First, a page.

The virtual deadlock in the Committee I negotiations concerning the exploitation of the deep seabed remained the most serious obstacle to the successful completion of the Conference.

Exploitation of the Deep Seabed

Although serious negotiations took place in Committee I, with a number of compromise proposals being explored, the most striking feature of the session was the unwillingness of the developing countries to make concessions on what they considered their more fundamental ideological positions. Although the developing countries were somewhat receptive to basic U.S. concerns in the area of institutional structure and the need to limit the proposed international Authority's powers over exploitation, it proved impossible to bridge the ideological gap on the type of exploitation system. Despite a U.S. effort to be forthcoming on some of their demands for participation, the developing countries continued to support the view that only a system in which the proposed Authority directly exploited the seabed would protect their interests.

The United States entered the Committee I negotiations with a willingness to be flexible on issues of direct concern to the developing countries, while at the same time safeguarding its most important deep seabed mining interests in access to minerals. During the first half of the session, the United States agreed to consider including in the treaty basic conditions of exploitation as opposed to detailed regulatory provisions. The United States also proposed considering a system of joint ventures, with the possibility of profit-sharing with the Authority, as the single method of exploitation, and proposed a reservation-of-areas system. Under this approach, an applicant for a joint venture would submit two mine sites, one of which the Authority would approve, while the other would be designated as a reserved area.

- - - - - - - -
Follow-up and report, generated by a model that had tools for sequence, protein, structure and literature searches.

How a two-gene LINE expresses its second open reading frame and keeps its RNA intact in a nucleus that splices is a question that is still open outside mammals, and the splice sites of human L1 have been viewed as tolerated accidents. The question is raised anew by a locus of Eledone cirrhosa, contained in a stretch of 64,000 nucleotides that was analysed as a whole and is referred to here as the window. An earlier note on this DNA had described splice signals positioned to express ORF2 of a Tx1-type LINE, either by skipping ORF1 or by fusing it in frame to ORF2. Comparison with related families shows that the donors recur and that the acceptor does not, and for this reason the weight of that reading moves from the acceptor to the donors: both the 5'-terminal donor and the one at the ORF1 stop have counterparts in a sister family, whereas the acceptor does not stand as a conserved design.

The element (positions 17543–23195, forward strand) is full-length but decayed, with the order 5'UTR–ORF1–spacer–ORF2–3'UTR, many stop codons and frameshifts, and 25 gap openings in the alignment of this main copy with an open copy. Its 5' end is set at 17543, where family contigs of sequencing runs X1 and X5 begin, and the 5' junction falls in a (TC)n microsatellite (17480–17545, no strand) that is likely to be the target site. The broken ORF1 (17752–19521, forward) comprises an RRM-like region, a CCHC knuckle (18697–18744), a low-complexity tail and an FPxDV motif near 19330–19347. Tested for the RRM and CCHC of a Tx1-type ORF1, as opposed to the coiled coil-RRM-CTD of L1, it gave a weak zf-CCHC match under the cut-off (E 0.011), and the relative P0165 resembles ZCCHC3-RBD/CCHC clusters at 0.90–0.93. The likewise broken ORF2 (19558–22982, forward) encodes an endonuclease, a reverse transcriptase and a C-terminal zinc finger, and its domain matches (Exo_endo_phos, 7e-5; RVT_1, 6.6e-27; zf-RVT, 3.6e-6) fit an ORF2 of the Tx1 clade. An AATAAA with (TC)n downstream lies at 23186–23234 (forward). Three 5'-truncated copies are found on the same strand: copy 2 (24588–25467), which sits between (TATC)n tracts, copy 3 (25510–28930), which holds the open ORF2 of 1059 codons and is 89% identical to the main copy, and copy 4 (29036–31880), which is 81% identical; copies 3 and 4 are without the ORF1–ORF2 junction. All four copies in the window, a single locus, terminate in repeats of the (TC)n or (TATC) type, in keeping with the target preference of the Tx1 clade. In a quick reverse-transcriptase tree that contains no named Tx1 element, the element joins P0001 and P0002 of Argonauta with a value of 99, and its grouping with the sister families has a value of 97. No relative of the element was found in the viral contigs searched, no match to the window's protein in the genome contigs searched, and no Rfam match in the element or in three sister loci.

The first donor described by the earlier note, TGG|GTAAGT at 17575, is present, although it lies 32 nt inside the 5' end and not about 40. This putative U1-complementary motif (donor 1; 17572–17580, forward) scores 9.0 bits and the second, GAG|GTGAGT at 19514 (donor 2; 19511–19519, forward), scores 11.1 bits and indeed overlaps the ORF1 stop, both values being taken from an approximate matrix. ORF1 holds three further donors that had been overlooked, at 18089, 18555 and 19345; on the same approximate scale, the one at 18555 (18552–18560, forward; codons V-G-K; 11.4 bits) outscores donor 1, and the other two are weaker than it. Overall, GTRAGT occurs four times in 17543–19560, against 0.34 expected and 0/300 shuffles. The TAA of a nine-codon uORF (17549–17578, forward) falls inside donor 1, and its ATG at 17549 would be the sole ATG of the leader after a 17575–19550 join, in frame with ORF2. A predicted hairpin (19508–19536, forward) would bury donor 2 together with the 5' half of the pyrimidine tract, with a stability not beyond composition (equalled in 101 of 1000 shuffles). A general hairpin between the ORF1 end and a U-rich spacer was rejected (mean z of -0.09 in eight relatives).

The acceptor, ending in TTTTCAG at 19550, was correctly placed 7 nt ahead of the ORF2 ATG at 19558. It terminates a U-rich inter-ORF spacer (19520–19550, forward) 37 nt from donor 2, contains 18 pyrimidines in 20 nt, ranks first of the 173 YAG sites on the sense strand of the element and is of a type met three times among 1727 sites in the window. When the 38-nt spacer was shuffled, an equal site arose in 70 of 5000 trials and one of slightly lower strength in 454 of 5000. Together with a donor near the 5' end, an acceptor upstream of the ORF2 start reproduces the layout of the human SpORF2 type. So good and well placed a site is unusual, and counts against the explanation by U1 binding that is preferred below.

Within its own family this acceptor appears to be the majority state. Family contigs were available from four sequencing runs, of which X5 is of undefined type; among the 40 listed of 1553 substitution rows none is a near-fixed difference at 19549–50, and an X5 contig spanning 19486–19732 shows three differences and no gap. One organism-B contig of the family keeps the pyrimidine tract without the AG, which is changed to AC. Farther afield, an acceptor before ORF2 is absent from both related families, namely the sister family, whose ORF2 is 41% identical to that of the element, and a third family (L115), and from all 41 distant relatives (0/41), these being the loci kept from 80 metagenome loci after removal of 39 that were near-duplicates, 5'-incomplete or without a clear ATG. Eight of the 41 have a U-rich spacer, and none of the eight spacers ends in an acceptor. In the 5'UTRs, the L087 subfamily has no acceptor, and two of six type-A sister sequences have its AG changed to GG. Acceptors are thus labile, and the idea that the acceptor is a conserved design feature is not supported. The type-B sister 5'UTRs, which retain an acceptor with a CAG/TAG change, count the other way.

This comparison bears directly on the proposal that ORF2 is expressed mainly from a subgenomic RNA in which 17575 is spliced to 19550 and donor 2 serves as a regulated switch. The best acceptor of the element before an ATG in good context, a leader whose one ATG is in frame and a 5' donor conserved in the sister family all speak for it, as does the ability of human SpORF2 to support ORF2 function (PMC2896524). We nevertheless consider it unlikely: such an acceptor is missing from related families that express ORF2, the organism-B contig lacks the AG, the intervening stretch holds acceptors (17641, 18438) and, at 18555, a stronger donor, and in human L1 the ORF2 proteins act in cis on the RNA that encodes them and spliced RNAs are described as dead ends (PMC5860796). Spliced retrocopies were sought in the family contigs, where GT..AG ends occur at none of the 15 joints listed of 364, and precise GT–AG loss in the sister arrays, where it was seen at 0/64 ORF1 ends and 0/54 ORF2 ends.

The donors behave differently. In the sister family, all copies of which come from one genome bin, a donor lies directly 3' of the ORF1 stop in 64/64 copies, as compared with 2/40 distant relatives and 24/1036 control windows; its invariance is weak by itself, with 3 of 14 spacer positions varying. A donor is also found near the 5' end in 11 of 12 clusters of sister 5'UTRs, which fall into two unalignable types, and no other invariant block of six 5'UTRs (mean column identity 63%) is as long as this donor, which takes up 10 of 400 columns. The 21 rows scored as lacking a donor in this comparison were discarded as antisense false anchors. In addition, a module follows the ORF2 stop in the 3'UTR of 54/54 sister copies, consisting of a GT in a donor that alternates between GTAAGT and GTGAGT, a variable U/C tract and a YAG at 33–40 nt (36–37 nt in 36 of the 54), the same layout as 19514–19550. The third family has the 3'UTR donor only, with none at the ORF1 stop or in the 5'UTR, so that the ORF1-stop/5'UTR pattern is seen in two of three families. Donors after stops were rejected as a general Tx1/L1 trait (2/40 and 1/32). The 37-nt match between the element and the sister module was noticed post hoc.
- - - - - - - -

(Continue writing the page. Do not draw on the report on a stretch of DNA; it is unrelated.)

In the reserved area, the Authority could negotiate with applicants for the most favorable financial terms and commitments to transfer technology.

At mid-session, the Representative of Sri Lanka (C. W. Pinto) introduced a personal draft of proposed basic conditions for exploitation which focused primarily on a contractual joint venture system that included reservation of some areas for states and others for direct exploitation by the Authority. This elaboration of a parallel system was intensively considered by the group of developing countries, who eventually rejected both the concept of designating some areas solely for state exploitation and the concept of a parallel system as elaborated in the Sri Lankan draft. The reasons given by the developing countries for this rejection was their ideological difficulty with establishing two separate regimes for the international Area beyond national control.

The single negotiating text on the machinery for exploitation in the Area was based primarily on a new, unified position reached by the developing countries. It provided that the principal organs of the proposed world Authority for the seabed should be an assembly, a council, a tribunal, an enterprise, and a secretariat. The assembly would be the supreme policy-making organ; it would elect members of the council and appoint members of the tribunal and of the governing board of the enterprise. The council would be a 36-member executive organ; the tribunal would consist of 9 independent judges; and the enterprise would undertake preparation and execution of the Authority's activities in the Area. The most important aspects of the developing countries' new position were their willingness (1) to reserve a portion of the seats on the council for representatives of countries that have a special interest in the deep seabed, and (2) to submit the entire exploitation system to the control of the council. The developing countries did not reach an agreed position on production controls, apparently as a result of the differing interests of producers and consumers within the group.